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Germany’s left-leaning Social Democrats voted to enter a coalition with Chancellor Angela Merkel’s conservative Christian bloc, a new government promising renewed dynamism in environmental policy making.
But the parties’ environmental and energy policies remain incomplete, analysts and attorneys told Bloomberg Environment.
The 179-page coalition agreement—which ended almost five months of political stalemate—includes some promising measures, but lacks the overall vision for how to revive Germany’s reputation as a pioneer in renewable energy policy and environmental protection after a series of embarrassing setbacks in recent years, the analysts and attorneys said.
“While a commitment to climate and other environmental goals is there, it’s not exactly clear how they want to design policy overall to achieve these goals,” Carsten Nesshoever, secretary general for the German Advisory Council on the Environment (SVR), which advises the government, told Bloomberg Environment.
“There are many individual measures that sound good, as well as many general promises,” he added. “But it lacks a convincing overall picture that indicates that Germany wants to continue to be a pioneer in climate protection and environmental policy globally and in Europe.”
All in all, environmental and energy policy makes up slightly more than 10 pages of the coalition agreement, as reviewed by Bloomberg Environment.
Most notably, it commits to Germany’s ambitious intermittent goals of reducing greenhouse gas emissions by 40 percent by 2020, and at least 80 percent by 2050, as compared to 1990 levels—an agenda known as the Energiewende—by investing billions over the next legislative period into renewable production, electricity grid expansion, and alternative mobility measures such as public transport and bicycle sharing.
Still, a September study by energy think tank Agora Energiewende found that Germany is likely to miss its first emissions target in 2020 by as much as 10 percentage points, most likely due to hesitation over how those policies would affect the economy.
To compensate, the agreement expands on previous goals for renewable production and strives for 65 percent of Germany’s energy to be produced by renewable sources by 2030. Thirty-eight percent of the nation’s energy needs were met by renewables in 2017, but 62 percent of electricity is still generated by fossil fuels, according to the Fraunhofer Research Institute.
The agreement also calls for a commission to guide Germany in winding down coal-powered electricity production, which comprised 40 percent of overall electricity production in 2017, according to the Fraunhofer Institute.
“People have been juggling figures about what we can get rid of and at what time without doing any proper research on it,” Matthias Lang, an energy attorney and partner with Bird & Bird law firm in Dusseldorf, told Bloomberg Environment. “We have to reevaluate whether it’s doable, and how can it be done.”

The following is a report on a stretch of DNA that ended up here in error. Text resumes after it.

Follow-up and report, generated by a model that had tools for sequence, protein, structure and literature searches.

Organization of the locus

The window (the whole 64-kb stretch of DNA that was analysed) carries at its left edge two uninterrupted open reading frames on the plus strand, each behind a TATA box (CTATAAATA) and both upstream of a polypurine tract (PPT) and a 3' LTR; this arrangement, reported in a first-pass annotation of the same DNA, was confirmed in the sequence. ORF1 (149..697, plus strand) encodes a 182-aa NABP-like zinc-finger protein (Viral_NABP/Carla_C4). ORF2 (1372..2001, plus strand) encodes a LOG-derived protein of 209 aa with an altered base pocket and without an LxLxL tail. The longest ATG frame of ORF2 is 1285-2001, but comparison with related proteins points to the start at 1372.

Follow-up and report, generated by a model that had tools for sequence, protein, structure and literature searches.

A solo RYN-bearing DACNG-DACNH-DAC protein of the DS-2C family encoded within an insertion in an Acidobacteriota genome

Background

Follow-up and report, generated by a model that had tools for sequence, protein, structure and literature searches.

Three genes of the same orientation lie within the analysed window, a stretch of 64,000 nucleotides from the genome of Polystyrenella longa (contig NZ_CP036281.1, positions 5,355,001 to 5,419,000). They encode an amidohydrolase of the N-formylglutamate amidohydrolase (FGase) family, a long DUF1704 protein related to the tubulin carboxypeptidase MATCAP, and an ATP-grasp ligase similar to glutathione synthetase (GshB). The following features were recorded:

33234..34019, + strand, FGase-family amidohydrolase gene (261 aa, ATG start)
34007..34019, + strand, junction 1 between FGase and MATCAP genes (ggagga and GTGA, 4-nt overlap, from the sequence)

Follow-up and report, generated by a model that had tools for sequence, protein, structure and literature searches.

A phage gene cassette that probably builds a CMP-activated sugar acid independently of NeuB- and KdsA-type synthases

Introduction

Such steps show that Germany is taking “another step forward in energy and climate policy,” Minister for Environment Barbara Hendricks said Feb. 3 ahead of the release of the coalition agreement. “We are really on the right path to remain a climate change pioneer.”
Environmentalists and policy analysts told Bloomberg Environment that, while such promises sound good on their face, the new grand coalition is unlikely to address the pressing environmental issues facing the nation.
“Topics pertaining to the environment, and also sustainability in general, are limited,” said Nesshoever. “You just see a lateral approach to environmental policy that falls back behind other prioritized areas.”
Critics point out that for all the coalition’s rhetoric about codifying emissions goals, the nation’s agricultural and transportation sectors are seriously lagging. The controversial herbicide glyphosate is still used in Germany, despite having been characterized as a “probable” carcinogen by the International Agency for Research on Cancer in 2015, while transport-related greenhouse gas emissions fell only 2.2 percent between 1990 and 2015, according to Germany’s Federal Environment Agency.
Meanwhile, pending infringement procedures are in the works at the EU against Germany for its failures to adhere to air-quality limits.
The German government has continued to subsidize diesel fuel, and only agreed to nominal retrofitting of automakers’ diesel vehicles after a series of revelations that they’d been cheating emissions tests. This in part prompted a court Feb. 27 to declare diesel driving bans in several urban centers necessary in order to adhere to European air standards.
“All other alternatives, such as local public transport, electric cars and cycling promotion, aren’t targeted or won’t take effect quickly enough” to meet the EU’s standards by 2020, Antje von Broock, deputy director of policy and communication at Friends of the Earth Germany, told Bloomberg Environment. “The political will for clean air in cities is missing in the new federal government—it’s protecting the auto industry instead of its citizens.”
And even if such policy areas are addressed in the coming legislative period, Nesshoever with the SVR says the distribution of the ministries dealing with environmental policy should be carefully tracked. In past coalitions they were split between different parties with one party in charge of the environment ministry and the separate economy ministry handling energy, which may stymie any progress, he said.
Ultimately, such loose variables in climate and energy policy will damage Germany’s image as a pioneer in climate policy.
“It makes the negotiation and the discussions about these topics all the more difficult,” he said. “It is hard to recognize a big impulse for developing sustainable environmental policy.”
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